“There’s going to be a lot of Monday’s meeting that’s dedicated to a discussion about CWD, ahead of what will ultimately be the adoption of a CWD response plan,” said Lau, who added that there were many wildlife agency people from other states who have dealt with the disease, slated to attend. “A big part of that meeting is going to deal with CWD.”
Deer season: The first day of the meetings is also when antlerless deer allocations are typically discussed.
Since deer season runs late into January, the harvest numbers were not gathered in time for the commissioner’s annual January preliminary meeting.
“Not until you have your final numbers on the harvest can you start to look at your population post-hunt, and decide how many antlerless licenses you want to allocate to match your objective of whether you want to hold deer numbers steady there, or increase or decrease them,” explains Lau. “There are a lot of hot topics, and several of them are interconnected, the Saturday opener (for deer firearms season) being among them for sure.”
There was pre-approval for a statewide concurrent deer season with a Saturday opener at the January meeting. Commissioners may decide to have it run concurrently in the more urban Wildlife Management Units and partially concurrent in others, said Lau.
“That’s the big question too,” he said. “There was also discussion at the January meeting about a longer archery season that runs deeper into the rut. There was nothing preliminarily approved, but it was discussed.”
Bear season: Another topic that was discussed in January focused on bears. Last October featured the first statewide weeklong bear muzzleloader season, and a two-week bear archery season that stretched into November.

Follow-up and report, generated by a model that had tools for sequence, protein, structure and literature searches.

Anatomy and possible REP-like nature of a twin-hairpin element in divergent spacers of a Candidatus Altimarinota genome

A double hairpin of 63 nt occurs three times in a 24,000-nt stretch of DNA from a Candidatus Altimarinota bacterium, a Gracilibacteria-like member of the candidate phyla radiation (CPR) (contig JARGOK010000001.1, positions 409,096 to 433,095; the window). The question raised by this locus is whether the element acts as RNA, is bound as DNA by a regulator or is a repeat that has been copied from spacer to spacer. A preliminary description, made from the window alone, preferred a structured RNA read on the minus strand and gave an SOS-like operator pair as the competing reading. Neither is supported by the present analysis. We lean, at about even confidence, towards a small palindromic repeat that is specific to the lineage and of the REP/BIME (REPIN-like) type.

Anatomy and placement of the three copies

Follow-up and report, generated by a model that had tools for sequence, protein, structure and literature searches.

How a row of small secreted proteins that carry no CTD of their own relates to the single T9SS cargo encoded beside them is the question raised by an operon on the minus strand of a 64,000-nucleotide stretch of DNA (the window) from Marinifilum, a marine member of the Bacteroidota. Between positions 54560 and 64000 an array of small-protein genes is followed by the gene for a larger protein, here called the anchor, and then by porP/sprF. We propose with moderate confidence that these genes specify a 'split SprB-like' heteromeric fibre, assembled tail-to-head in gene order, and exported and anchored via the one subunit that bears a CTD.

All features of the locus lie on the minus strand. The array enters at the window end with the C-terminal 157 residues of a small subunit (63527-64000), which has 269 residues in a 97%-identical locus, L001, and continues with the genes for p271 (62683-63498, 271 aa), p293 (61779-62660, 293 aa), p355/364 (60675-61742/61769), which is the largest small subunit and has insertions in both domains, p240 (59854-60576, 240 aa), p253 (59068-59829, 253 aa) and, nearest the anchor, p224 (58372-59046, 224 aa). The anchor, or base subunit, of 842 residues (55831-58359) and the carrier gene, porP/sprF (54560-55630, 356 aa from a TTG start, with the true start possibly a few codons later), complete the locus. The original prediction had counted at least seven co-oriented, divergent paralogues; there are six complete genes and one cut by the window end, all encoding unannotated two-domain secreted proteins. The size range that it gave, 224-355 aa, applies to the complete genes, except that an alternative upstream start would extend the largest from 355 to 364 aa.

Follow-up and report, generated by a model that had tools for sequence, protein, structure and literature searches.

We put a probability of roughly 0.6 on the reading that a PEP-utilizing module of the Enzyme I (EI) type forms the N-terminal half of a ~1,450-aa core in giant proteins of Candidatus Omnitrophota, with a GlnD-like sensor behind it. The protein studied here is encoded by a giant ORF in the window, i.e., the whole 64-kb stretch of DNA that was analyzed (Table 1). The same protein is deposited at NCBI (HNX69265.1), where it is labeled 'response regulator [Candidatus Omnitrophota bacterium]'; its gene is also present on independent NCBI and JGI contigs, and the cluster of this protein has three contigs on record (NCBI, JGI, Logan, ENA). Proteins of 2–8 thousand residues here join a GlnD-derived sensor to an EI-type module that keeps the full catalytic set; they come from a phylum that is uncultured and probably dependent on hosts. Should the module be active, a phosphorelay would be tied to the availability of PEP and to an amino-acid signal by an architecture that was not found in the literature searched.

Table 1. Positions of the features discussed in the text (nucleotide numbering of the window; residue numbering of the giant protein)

An additional week of the bear muzzleloader season that would overlap the early antlerless deer muzzleloader season is on the table.
There was also pre-approval for muzzleloader bear hunters to do something that was once illegal – that is, carrying along a bow for antlered deer.
“The law’s being changed there,” Lau said. “It’s just a language change that would allow bear hunters in muzzleloader season to also carry bows.”
He said that if approved next week, “Basically anytime there’s a bow season for deer and bear, and (running concurrently with) a muzzleloader season for deer or bear, properly licensed hunters could carry both.”
Although it seems out of the ordinary to carry both a muzzleloading firearm, and a bow or crossbow, with all the accruements, Lau said that judging by hunter response there are many who wish to do that.
Season lengths, bag limits: When looking at season lengths and bag limits from the previous year, many things can change between preliminary approvals at the January meeting and the final adoption in April.
“So, just because something is approved preliminarily in January, by no means does it mean that it’s a done deal,” said Lau.
This week the PGC will announce more details on where and how the meeting can be viewed or listened to in real time. Announcements will be made via news releases, emails and posts on the agency’s website and social media pages.
Lau said that when the game commission has a plan for how to access the live-streamed meetings next week, “We will be putting the news out through every means that we have.”